Fast Five Quiz: Schizophrenia Differential Diagnosis

Stephen Soreff, MD


August 11, 2020

Delusions are fixed false beliefs or ideas. They commonly take one of two forms: grandiose or paranoid. In the grandiose type, the patient may think he or she is a god or president of a country. People with schizophrenia have the paranoid type of delusions.

In delusional disorder, a person has a variety of paranoid beliefs, but these beliefs are not bizarre and are not accompanied by any other symptoms of schizophrenia. For example, a person who is functioning well at work but becomes unreasonably convinced that his or her spouse is having an affair has a delusional disorder rather than schizophrenia. Delusional disorder is an illness characterized by at least 1 month of delusions but no other psychotic symptoms.

Delusions, hallucinations, disorganized speech, disorganized or catatonic behavior, or negative symptoms are some of the criteria for diagnosis of schizophrenia. Persons with delusional disorder have a variety of paranoid and delusional beliefs, but none of the psychotic symptoms of schizophrenia.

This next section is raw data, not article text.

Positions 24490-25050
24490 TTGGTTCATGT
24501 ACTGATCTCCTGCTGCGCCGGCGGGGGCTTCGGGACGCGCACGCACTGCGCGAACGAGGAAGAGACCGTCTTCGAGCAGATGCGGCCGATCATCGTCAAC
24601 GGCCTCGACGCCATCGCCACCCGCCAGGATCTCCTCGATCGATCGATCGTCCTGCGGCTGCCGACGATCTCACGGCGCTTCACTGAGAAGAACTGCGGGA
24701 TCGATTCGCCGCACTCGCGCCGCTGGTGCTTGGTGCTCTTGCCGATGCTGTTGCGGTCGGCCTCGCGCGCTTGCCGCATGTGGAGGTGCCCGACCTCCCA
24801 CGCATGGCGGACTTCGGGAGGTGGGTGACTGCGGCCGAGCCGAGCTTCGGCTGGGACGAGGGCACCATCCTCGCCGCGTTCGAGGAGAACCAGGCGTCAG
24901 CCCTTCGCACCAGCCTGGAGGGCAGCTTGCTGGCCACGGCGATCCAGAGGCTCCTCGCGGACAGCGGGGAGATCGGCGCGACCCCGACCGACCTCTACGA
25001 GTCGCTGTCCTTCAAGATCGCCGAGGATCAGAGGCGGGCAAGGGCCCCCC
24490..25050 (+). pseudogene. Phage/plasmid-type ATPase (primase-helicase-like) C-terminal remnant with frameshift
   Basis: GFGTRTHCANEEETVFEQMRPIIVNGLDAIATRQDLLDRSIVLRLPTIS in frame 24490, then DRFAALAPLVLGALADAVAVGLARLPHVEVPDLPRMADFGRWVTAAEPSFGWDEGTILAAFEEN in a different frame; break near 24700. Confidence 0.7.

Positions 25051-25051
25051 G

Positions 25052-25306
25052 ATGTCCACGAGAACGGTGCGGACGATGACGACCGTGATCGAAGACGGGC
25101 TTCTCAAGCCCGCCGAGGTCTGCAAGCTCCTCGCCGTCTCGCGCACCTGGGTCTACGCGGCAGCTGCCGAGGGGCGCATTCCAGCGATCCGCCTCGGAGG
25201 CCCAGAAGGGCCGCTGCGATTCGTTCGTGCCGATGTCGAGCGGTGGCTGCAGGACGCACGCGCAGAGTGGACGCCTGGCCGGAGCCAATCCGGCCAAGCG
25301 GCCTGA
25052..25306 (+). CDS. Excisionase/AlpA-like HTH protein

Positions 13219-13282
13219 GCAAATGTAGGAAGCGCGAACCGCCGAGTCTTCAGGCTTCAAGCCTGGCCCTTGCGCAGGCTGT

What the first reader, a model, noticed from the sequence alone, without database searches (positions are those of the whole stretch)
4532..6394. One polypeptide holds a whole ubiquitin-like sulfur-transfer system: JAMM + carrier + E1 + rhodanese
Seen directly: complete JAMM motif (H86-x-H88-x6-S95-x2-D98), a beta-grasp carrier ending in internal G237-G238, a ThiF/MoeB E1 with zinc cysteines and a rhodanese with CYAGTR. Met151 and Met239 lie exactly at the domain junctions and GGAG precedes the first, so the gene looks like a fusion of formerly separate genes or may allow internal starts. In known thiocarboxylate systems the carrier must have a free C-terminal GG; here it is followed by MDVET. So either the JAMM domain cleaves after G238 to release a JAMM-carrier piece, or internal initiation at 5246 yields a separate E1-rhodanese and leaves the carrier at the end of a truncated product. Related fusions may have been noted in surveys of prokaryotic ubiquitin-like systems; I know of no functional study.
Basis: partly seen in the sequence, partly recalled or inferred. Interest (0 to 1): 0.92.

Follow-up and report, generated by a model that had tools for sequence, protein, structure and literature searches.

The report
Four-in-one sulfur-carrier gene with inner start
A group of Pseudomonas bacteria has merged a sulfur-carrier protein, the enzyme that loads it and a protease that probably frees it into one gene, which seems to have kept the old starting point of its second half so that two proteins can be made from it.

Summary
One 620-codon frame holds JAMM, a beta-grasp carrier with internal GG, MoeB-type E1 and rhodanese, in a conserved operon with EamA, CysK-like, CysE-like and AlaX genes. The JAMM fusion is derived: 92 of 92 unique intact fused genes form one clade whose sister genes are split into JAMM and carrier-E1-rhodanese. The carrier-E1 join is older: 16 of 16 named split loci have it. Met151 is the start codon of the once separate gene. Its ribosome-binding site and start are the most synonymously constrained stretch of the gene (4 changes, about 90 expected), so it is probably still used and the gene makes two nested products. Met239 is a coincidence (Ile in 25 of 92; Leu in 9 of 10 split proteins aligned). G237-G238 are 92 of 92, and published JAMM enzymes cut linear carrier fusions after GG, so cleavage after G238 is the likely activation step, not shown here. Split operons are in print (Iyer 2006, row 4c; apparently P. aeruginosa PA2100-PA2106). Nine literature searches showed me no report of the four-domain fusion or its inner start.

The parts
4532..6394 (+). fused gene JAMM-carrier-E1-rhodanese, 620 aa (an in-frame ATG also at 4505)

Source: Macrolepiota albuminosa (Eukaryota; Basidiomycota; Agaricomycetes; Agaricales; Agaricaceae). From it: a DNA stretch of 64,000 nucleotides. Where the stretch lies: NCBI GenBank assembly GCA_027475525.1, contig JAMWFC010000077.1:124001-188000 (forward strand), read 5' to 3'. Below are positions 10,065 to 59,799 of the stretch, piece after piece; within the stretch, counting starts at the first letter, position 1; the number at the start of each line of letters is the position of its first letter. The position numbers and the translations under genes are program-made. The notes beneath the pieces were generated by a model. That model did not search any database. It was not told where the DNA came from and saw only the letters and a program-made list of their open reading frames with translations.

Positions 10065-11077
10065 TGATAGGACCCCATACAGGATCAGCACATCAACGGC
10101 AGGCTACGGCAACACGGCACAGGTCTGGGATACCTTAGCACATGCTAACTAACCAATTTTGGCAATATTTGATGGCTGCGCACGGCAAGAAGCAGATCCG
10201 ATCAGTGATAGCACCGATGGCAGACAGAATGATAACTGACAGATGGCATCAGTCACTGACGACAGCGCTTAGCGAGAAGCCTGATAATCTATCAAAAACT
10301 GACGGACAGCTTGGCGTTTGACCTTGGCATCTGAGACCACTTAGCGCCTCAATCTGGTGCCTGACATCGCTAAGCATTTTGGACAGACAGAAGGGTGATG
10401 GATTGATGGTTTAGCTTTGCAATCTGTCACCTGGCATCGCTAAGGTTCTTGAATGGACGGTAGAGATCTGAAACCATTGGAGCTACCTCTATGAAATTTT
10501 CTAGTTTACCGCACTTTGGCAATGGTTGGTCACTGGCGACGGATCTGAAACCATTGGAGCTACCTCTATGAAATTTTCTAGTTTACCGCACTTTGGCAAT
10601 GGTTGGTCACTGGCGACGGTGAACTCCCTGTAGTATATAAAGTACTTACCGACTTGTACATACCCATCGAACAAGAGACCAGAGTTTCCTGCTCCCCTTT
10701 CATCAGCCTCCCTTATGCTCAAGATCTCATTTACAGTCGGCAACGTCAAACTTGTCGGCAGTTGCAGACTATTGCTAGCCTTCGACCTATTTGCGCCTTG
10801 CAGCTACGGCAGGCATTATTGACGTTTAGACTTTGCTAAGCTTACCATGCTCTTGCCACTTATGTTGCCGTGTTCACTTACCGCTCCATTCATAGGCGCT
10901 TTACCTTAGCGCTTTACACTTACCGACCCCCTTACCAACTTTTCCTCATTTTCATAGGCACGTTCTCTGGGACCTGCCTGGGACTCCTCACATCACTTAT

Difficulty and lack of interest in forming close relationships with others and a preference for solitary activities are typical characteristics of schizoid personality disorder (not delusional disorder). No other symptoms of schizophrenia are present.

A pervasive pattern of discomfort in close relationships with others, along with the presence of odd thoughts and behaviors, are typical characteristics of schizotypal personality disorder (not delusional disorder). The oddness in this disorder is not as extreme as that observed in schizophrenia.

Learn more about schizophrenia differential diagnosis.


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